Celebrating the Creator, Not Darwin’s Theory
A Report from the Birmingham Mysterious Islands Premiere
Editor’s Note: November 24, 2009 marked the 150th anniversary of the publication of Charles Darwin’s On the Origin of Species, and on this night more than 1,300 gathered at the Historic Birmingham Theater for a special screening of The Mysterious Islands. Joining Jon and Andy Erwin in their home town was Executive Producer Doug Phillips, Dr. John Morris, along with Dr. Tom Ford and Steve Solid, both of whom were on the Galapagos Expeditionary Trip. Miss Mercy Morecraft wrote this article following the event, and she captures the enthusiasm that many have expressed in response to the film.
The lights dim, the stage is set. More than 1,300 people sit with bated breath, and then — Welcome to the Birmingham, Alabama premiere of The Mysterious Islands, a film by the Erwin Brothers, produced in association with Vision Forum Ministries! This new documentary follows the trek of a father and son and crew mates as they survey the Galapagos Islands and study the man who made them universally famous through his theory of evolution, Charles Darwin.
Even before it was set into production, the idea of this movie has generated much anticipation and expectations. Joe Clark, from Peachtree City, Georgia, commented that he has been excited since it was mentioned at the January 2009 San Antonio Independent Christian Film Festival. He has now seen The Mysterious Islands at three different premieres, where he has brought along at least one of his six children each time. Mr. Clark also owns the DVD for his family, and has bought thirty-four other copies!
“I want to share [the film] with as many people as I can, both believers and non-believers,” commented Mr. Clark. “There are a lot of non-believers and family members who it’s hard to witness to, but they’ll watch a movie with me. And then there are the believers who I know that will be so excited about this.”
Why is Mr. Clark, like so many others tonight, so thrilled about this film?
“It is so much better than I ever expected. I expected a great message; I expected it to be very informative; but I didn’t expect it to be so entertaining,” Mr. Clark explained. “I thought it perhaps would be somewhat of a dry documentary, but it absolutely was not. It was much better than I expected. I want to watch it fifty more times.”
Oliva Bodock, 19, from near Asheville, Alabama, has also been very excited about the documentary. “I loved this [film]. It was very well made,” noted Oliva. “I was impressed by the quality. I liked the humor throughout. The real life aspects added a lot.”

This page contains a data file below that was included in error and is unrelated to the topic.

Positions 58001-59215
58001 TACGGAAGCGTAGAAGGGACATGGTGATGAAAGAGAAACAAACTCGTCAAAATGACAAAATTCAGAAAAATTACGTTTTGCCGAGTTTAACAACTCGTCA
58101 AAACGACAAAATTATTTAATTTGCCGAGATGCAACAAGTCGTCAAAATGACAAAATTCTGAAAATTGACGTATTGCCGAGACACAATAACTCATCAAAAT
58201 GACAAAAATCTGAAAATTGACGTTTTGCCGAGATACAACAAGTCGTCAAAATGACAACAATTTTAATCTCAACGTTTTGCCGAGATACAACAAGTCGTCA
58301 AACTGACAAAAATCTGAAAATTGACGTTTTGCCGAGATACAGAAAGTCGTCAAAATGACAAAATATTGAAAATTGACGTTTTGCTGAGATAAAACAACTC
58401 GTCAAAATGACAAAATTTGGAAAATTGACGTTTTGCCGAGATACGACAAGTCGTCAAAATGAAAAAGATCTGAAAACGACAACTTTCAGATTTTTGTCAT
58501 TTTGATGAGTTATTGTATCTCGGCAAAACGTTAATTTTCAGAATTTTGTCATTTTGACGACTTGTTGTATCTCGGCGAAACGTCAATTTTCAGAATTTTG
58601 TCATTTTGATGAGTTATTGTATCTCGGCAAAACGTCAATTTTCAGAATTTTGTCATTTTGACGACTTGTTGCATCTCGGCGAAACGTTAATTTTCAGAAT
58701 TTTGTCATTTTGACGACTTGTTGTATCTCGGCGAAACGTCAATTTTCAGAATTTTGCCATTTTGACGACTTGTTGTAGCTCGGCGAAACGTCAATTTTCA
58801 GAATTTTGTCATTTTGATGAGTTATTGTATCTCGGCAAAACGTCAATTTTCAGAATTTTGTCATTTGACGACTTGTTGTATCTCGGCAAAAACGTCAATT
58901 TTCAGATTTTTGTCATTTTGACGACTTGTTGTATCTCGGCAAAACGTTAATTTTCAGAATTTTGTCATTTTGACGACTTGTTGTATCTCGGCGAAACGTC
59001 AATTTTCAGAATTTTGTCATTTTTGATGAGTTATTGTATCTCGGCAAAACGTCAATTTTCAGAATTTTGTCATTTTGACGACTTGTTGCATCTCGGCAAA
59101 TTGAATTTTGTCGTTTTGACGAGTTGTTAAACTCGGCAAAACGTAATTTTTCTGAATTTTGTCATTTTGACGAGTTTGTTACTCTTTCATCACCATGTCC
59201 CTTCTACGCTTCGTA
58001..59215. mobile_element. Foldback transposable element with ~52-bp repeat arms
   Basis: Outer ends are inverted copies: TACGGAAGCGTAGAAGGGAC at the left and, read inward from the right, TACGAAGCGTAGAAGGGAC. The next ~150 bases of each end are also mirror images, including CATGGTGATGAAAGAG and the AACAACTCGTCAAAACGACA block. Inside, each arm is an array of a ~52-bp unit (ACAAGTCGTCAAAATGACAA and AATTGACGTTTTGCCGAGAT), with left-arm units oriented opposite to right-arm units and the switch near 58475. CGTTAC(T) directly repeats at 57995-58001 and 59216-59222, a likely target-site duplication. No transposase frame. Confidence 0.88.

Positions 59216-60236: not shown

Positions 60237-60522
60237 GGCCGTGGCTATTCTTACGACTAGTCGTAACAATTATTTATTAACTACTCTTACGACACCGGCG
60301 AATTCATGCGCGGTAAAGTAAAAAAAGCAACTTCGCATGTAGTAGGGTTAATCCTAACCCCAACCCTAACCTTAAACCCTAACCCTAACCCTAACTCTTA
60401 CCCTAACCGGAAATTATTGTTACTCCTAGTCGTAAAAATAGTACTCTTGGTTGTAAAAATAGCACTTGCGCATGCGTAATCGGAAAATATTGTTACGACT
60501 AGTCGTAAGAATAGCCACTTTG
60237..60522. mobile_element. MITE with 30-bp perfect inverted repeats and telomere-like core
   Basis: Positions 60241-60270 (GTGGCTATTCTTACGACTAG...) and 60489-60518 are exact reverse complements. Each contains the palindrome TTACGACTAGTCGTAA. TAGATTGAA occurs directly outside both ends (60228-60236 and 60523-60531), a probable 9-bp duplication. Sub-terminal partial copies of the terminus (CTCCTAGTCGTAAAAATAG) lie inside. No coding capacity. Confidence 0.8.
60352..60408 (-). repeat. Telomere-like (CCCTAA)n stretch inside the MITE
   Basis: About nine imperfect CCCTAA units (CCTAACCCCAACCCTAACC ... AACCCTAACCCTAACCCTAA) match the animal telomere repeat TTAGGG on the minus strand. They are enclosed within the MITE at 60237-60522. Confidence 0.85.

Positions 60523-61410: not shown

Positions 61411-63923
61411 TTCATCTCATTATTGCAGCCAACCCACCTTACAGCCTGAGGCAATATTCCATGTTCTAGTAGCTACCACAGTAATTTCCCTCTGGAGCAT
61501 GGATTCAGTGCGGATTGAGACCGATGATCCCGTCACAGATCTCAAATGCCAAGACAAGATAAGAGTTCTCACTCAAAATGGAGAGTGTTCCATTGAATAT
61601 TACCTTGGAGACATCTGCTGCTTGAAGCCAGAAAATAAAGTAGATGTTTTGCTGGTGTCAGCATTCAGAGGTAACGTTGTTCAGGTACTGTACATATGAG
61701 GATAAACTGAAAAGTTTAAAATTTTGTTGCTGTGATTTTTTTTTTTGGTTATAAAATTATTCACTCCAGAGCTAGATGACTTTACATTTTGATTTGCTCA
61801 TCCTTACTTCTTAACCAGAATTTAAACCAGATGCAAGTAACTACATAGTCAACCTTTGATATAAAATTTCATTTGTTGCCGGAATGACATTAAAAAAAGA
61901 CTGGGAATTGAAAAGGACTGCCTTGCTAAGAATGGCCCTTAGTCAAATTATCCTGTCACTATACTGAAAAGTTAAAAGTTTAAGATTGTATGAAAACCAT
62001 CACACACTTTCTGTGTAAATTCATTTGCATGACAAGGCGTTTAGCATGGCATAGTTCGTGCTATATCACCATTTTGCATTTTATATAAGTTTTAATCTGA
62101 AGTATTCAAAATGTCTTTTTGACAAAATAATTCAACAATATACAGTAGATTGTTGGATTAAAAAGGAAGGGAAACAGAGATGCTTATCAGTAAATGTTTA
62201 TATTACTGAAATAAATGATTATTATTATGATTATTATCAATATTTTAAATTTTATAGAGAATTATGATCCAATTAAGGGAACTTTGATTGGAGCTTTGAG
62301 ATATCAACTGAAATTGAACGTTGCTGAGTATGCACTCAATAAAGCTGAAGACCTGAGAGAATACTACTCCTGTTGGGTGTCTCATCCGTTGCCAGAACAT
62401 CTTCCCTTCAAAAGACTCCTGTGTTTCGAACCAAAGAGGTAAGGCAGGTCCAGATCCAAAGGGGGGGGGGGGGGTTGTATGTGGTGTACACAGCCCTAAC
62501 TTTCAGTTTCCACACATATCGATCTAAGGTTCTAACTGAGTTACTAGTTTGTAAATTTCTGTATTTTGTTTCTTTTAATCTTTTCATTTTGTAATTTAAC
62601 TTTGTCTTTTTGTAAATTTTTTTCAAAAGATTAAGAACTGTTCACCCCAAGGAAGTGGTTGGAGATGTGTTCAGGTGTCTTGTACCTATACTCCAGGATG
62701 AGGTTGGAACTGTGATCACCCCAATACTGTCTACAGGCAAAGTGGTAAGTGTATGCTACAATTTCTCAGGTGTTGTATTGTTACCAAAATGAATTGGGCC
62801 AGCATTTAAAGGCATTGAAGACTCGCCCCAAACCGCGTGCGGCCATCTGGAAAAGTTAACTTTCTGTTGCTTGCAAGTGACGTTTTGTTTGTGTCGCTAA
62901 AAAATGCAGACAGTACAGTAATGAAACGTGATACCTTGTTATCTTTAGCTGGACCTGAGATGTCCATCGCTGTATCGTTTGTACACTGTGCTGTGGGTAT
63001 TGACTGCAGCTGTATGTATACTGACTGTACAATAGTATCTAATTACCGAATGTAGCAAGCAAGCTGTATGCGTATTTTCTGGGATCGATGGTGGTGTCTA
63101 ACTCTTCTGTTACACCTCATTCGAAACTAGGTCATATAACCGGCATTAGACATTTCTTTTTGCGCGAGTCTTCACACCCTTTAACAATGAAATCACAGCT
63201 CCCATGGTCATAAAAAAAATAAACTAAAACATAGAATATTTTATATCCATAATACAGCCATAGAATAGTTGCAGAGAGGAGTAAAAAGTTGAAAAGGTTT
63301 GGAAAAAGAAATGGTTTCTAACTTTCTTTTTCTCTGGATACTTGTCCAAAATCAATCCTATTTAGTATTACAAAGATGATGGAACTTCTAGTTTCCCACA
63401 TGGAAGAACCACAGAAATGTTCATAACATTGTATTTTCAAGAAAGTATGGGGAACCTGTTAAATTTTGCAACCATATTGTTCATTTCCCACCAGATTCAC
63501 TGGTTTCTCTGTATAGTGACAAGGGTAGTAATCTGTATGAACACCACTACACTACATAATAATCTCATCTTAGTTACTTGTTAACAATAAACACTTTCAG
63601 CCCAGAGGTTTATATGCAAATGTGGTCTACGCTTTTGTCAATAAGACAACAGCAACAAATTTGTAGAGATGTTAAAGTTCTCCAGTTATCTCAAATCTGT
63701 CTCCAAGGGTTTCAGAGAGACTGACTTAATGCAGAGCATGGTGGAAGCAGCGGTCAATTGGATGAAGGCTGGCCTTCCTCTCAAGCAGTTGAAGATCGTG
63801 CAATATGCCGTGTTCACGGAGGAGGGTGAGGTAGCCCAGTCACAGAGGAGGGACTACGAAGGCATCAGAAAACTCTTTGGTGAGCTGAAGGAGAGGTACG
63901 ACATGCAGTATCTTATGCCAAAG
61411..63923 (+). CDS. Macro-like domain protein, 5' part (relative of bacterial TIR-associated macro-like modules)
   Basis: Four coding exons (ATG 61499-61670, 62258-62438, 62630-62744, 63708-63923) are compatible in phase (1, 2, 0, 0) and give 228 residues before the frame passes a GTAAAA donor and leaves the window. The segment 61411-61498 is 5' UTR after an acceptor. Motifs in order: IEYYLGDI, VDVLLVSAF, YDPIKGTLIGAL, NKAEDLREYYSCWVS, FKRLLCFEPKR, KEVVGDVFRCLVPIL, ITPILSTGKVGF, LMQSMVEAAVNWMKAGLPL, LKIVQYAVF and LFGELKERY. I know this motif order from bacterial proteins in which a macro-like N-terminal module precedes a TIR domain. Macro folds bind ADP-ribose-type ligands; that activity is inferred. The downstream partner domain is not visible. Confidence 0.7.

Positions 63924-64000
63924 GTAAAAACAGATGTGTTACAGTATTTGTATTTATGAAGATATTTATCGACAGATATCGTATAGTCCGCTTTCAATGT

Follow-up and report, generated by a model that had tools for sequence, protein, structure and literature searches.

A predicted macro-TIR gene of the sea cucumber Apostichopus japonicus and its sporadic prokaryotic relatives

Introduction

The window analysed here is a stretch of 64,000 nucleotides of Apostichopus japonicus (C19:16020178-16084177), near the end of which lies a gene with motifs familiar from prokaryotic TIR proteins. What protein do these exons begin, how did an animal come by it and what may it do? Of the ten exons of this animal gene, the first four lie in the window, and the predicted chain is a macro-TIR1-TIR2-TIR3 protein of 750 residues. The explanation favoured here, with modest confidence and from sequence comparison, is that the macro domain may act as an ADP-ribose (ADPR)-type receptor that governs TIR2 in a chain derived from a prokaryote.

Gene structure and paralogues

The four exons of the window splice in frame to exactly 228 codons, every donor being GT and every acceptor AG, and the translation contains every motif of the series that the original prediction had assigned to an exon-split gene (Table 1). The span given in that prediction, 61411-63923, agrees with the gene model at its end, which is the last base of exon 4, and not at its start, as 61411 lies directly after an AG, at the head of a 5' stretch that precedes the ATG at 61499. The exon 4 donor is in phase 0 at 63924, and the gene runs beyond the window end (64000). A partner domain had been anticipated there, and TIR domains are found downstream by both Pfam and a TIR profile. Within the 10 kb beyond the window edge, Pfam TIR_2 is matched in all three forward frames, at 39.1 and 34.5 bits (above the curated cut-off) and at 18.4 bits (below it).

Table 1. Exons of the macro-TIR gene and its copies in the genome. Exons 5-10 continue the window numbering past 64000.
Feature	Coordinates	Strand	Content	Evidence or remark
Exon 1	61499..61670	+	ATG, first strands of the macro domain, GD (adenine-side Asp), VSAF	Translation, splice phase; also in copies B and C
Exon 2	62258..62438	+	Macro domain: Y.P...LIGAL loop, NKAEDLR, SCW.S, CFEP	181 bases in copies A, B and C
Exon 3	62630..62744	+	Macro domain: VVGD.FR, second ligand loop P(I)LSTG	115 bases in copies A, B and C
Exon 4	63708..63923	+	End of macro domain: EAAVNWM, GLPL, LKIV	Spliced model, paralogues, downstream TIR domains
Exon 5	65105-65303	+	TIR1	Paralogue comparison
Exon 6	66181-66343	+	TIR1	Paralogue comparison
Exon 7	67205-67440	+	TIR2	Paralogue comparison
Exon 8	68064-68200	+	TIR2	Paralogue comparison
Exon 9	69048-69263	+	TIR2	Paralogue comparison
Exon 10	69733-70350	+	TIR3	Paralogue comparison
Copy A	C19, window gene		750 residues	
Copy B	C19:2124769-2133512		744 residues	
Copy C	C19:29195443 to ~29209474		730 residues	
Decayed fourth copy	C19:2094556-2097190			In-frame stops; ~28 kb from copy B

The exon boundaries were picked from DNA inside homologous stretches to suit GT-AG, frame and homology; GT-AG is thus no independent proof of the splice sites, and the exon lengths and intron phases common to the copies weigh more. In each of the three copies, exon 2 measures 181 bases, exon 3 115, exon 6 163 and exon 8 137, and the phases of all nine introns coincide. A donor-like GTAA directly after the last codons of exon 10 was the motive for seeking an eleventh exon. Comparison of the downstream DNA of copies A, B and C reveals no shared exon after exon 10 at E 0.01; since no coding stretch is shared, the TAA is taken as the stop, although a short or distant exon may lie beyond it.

Her number one reason to see this film? “It’s the most thorough,” Oliva said. “When most people debate, it covers just one issue. This [film] covers the whole worldview. It shows that it’s a worldview debate, not just one issue [in life].”
Mrs. Lynn Nelson and her son Tobin, from Mobile, Alabama, couldn’t agree more. Tobin, age 14, first heard about the film, and its premiere in Birmingham, on Doug Phillips’ blog and quickly asked his mom if they could go see it in Birmingham. Avid documentary watchers, Mrs. Nelson says they were excited “because we were wanting something worthwhile to watch, and also just to get truth out. There is too much support for things that don’t present the truth, but showcase falsehood.”
For Tobin, the idea of the Galapagos Islands is immensely interesting, and seeing The Mysterious Islands has only furthered his desire to go and study creation there.
Unlike Tobin and Mrs. Nelson, Rebecca Wesson, 16, and her best friend Rebekah Bush, 14, both from Birmingham, Alabama, are not big fans of documentaries. After this movie, however, they might just change their minds. “We didn’t know what to expect, but now that we have seen it, we automatically thought of so many of our friends that we want to show this too.” When asked how she would explain this movie to her friends, Rebecca said she sees this as an excellent tool of “using whatever talents you have to tell others more about Christ.”
One father, Ken Barnett of Birmingham, Alabama, got more than he had hoped for through The Mysterious Islands. “I had hoped for a strong message on creationism versus evolutionism.” Now that he has seen the movie, he said, “It helps to reinforce a lot of the beliefs that I already had, and is a great tool for introducing some of these concepts to children.”
Dale Cutlit, and his son Jeremy, from Hoover, Alabama, would agree with Mr. Barnett’s assessment. “[This film] is excellent, very good,” stated Mr. Cutlit. “The music particularly helped amplify each scene in the movie. I wasn’t expecting the protagonist, Mr. Phillips, and his son. I thought it would be more of a straight-up documentary, but it was more family-oriented . . . It was different, but I liked that.”
With “Discovery Channel quality”, beautiful music that defines and sets the backdrop for every moment, and a clear, concise message, The Mysterious Islands is a powerful tool that has won many enthusiastic supporters. While evolutionists and atheists would strongly oppose what this film declares, the evidence shown here is strong, going through Darwin’s worldview, displaying his presuppositions and biases, proving many of his theories incorrect, and showing through history what has come about as a result of his faulty point of view.
This year, many have gathered around the globe to celebrate Charles Darwin and his book, On the Origin of Species. Yet on November 24 — the anniversary of the publication of Darwin’s famous book — 1,300 gathered not to celebrate Darwin, who rejected God as the Creator, but to praise the God who created it all, and who declared life “very good”.